The Hurricanes are awash with cap space – even if they signed Staal, Fast and Pacioretty to the aforementioned deals and kept Andersen near his current cap of $4.5 million, Carolina could have somewhere near 15 million to play with, with 13 forwards (including Vasily Ponomarev) and five defenders signed.

The biggest moves around the Hurricanes could be with their players who only have one year left on their offers before becoming unrestricted free agents. Sebastian Aho and Teuvo Teravainen will be UFAs in 2024-25, as will Brady Skjei and Brett Pesce.

Carolina will have to consider whether it’s ready to enter next season with Aho on an expiring deal with no extension in place. Contract negotiations over his second contract have been tough – no one needs to call out Montreal’s offer sheet – and the Hurricanes will have to decide if they want to invest a long-term franchisor contract on someone who will be 26 years this summer. AFP expects Aho to land an eight-year contract worth $9.4 million, a raise of around $1 million.

If not, would the front office try to overthrow him in a blockbuster trade that reshapes the franchise? I think the parties will find a way to reach an agreement that will keep Aho in Raleigh.

Teravainen’s future is more uncertain. He’s had a tough regular season and could be on his way. The Hurricanes could try to bundle their reasonable cap of $5.4 million into a deal to improve their forward squad.

This is also where Martin Necas comes in. He has one year left on a bridge deal that costs $3 million over the cap. He’s had a breakthrough regular season and will receive a raise after next year, but is Carolina ready for a long-term commitment to him? Otherwise, its value will never be higher than this off-season when its ceiling is low.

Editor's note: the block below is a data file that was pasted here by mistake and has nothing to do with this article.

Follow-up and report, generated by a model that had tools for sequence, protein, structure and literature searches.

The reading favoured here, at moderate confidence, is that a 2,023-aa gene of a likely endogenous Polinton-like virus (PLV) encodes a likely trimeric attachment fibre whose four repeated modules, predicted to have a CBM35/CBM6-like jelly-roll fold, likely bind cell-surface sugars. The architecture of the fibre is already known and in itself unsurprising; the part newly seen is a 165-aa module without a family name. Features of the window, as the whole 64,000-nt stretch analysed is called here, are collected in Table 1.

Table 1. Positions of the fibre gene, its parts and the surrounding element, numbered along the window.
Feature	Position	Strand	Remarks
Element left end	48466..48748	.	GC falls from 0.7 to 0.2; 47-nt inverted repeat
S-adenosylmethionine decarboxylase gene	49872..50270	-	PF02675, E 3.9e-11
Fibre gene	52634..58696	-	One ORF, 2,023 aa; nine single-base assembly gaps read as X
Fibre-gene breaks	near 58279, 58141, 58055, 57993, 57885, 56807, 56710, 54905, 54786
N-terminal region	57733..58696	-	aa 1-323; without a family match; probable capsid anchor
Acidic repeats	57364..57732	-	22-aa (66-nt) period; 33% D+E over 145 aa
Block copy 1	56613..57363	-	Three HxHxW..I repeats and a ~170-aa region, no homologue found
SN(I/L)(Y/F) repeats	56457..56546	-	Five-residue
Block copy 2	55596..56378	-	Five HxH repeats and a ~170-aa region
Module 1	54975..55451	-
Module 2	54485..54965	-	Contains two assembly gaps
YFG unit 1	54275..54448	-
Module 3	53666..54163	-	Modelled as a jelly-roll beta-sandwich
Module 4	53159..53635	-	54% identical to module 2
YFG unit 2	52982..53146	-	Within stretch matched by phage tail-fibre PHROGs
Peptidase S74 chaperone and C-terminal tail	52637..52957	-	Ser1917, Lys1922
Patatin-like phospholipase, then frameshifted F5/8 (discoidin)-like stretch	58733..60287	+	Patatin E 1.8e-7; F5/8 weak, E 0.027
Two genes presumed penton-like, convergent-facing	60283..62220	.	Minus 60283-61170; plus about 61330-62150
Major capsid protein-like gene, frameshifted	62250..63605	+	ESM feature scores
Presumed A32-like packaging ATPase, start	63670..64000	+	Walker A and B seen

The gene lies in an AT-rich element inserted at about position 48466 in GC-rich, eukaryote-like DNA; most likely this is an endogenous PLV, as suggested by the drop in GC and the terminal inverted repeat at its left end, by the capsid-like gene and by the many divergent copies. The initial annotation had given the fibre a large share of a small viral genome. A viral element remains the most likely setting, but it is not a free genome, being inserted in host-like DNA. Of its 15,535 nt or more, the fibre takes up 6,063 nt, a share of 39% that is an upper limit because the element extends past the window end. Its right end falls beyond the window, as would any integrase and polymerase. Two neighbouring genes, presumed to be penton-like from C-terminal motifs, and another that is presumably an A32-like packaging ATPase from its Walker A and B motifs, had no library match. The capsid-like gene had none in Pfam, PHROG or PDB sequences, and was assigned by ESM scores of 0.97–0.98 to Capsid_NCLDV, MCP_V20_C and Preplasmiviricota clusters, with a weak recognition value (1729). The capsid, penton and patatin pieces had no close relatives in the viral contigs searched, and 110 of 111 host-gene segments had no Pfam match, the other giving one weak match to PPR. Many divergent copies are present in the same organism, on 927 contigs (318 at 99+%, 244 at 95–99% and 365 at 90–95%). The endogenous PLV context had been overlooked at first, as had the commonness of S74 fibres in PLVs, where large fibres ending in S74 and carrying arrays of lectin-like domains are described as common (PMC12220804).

It gives the Hurricanes the chance to run to one of Toronto’s ‘Core Four’ (minus John Tavares), see how things go with Clayton Keller in Arizona, or check in with new Philadelphia management about of Travis Konecny, among other options. The expected salary cap increase after next season leaves the door open for Carolina to re-sign Aho and add another premium player.

The Hurricanes could also start talks with Seth Jarvis over a contract extension and try to lock him into a long-term value deal, like they did with Jesperi Kotkaniemi.

Defense decisions are a bit more difficult. Jaccob Slavin and Brent Burns each have two years remaining, but Pesce and Skjei will be in the final year of their contracts. With Alexander Nikishin and Scott Morrow in the pipeline, there’s probably only room to expand one from Skjei or Pesce. The question is whether Carolina lets one or both play the final year of their contract or plans to move one in the offseason. If so, Jalen Chatfield could be assigned to a bigger role, which would leave the Hurricanes with two lower pairing openings.

youth movement

Jack Drury was a mainstay of the Hurricanes’ playoff roster, but his impact was negligible. I could see Carolina using it as part of a package to upgrade elsewhere.

Vasily Ponomarev is ready for the NHL and should have a shot at being the center of the Hurricanes’ fourth line. Jamieson Rees has also marinated quite a long time in the AHL and should be an option on the fourth line or as a 13th forward. Ryan Suzuki, if he can stay healthy, will be a call-up possibility.

All of the Hurricanes defensemen in the AHL this season could use a little more time in the minors, but Anttoni Honka could defend for a long time as a replacement for Gostisbehere with an outstanding offseason and training camp.

(Photo: Sam Navarro/USA Today)